The Rural-Urban Nexus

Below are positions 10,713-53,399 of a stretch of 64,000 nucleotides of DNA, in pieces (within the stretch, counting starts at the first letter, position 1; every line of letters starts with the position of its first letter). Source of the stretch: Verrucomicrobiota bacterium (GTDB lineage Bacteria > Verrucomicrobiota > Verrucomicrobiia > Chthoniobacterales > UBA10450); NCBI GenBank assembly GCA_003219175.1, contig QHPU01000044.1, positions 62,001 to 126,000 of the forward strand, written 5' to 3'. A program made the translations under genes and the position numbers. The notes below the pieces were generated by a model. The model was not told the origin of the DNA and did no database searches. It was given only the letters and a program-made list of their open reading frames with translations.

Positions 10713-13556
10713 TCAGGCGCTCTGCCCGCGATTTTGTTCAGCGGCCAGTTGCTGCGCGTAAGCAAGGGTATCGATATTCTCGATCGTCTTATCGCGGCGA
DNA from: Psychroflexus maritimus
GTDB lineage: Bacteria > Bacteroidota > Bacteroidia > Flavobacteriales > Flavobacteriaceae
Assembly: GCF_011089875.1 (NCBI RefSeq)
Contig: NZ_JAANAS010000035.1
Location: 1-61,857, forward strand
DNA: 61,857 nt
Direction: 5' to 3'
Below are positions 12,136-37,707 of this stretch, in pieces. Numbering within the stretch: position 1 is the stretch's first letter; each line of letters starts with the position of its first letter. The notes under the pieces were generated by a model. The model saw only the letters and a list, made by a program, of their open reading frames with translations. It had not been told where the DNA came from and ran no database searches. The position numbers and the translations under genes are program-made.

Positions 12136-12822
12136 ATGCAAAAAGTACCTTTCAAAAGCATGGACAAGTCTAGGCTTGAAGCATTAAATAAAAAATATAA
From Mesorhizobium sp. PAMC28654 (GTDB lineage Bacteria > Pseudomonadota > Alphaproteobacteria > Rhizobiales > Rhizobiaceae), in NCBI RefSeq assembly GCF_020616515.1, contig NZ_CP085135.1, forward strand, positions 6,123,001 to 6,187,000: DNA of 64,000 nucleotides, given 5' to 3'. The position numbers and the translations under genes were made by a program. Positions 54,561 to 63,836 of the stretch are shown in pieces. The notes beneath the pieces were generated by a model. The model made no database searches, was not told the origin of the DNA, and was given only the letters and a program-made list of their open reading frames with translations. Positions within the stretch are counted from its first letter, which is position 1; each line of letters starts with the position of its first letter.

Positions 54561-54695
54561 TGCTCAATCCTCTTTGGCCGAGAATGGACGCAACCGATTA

Rural and urban places both share a connection with the local cultural heritage. In general, levels of rural-urban migration have been increasing as young people in particular, dissatisfied with the amenities, job prospects, general income levels, or other facets of life in rural areas, have been looking for alternatives, particularly in the largest cities. The international funding sources that used to help fill gaps have diminished with the end of the cold war and the emergence of endemic economic problems in the industrialized countries. The major sources of revenue, the International Monetary Fund and the World Bank, have establishes conditions for recipients known as Structural Adjustment Programs or SAPS. The spatial dimensions of peri-urban regions depends on a series of factors including the size and dynamism of the urban center as well as the physical, social, and access characteristics of region. The chapter also presents some closing thoughts on the key concepts discussed in the preceding chapters of this book.